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The autonomic nervous system has a craniosacral parasympathetic and a thoracolumbar sympathetic pathway (fig 1) and supplies every organ in the body. It influences localised organ function and also integrated processes that control vital functions such as arterial blood pressure and body temperature. There are specific neurotransmitters in each system that influence ganglionic and post-ganglionic function (fig 2).
The symptoms and signs of autonomic disease cover a wide spectrum (table 1) that vary depending upon the aetiology (tables 2 and 3). In some they are localised (table 4). Autonomic disease can result in underactivity or overactivity. Sympathetic adrenergic failure causes orthostatic (postural) hypotension and in the male ejaculatory failure, while sympathetic cholinergic failure results in anhidrosis; parasympathetic failure causes dilated pupils, a fixed heart rate, a sluggish urinary bladder, an atonic large bowel and, in the male, erectile failure. With autonomic hyperactivity, the reverse occurs. In some disorders, particularly in neurally mediated syncope, there may be a combination of effects, with bradycardia caused by parasympathetic activity and hypotension resulting from withdrawal of sympathetic activity. The history is of particular importance in the consideration and recognition of autonomic disease, and in separating dysfunction that may result from non-autonomic disorders.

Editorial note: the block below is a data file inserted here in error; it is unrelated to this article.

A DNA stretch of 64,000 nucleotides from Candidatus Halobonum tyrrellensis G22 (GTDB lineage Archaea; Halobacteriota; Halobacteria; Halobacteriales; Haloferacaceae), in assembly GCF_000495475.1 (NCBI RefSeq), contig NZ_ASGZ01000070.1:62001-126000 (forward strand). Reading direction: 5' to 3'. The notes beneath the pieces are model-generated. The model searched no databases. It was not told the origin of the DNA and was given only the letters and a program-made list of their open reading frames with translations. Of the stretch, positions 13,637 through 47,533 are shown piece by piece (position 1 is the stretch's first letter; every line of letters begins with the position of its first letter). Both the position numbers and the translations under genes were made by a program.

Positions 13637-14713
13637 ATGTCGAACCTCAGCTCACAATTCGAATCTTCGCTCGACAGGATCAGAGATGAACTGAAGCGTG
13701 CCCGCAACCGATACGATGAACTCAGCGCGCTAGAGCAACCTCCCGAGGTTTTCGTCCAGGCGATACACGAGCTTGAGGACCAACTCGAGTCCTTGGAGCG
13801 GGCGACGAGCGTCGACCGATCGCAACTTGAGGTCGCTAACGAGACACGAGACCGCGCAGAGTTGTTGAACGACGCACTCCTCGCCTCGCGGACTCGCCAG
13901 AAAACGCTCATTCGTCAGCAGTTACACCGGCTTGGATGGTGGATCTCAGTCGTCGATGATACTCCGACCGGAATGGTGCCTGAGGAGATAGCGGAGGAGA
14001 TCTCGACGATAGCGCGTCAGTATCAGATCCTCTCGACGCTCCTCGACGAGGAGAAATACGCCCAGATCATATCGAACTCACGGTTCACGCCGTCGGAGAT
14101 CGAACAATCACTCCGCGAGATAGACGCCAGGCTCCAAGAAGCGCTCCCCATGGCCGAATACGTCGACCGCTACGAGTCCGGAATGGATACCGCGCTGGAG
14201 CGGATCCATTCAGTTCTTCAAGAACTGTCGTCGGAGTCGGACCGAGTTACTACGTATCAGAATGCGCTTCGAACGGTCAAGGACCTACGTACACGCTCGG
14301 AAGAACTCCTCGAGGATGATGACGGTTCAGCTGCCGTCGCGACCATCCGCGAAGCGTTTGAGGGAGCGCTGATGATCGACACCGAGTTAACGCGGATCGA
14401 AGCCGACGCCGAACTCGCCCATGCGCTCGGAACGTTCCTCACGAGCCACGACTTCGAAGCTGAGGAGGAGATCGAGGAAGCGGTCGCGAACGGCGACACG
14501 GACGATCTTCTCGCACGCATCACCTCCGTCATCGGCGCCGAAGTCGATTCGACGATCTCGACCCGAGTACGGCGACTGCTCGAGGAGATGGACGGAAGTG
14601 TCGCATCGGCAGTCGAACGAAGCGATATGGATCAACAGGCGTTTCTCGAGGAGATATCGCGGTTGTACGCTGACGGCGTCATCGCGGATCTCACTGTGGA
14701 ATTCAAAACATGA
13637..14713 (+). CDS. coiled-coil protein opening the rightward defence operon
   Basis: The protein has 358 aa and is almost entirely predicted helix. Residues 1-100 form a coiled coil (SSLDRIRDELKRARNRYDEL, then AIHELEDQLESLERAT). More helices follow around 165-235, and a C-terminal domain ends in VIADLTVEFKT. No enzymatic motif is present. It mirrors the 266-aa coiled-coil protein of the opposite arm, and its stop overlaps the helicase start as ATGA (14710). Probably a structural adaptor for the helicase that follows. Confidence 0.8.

Autonomic disease may present at any age …
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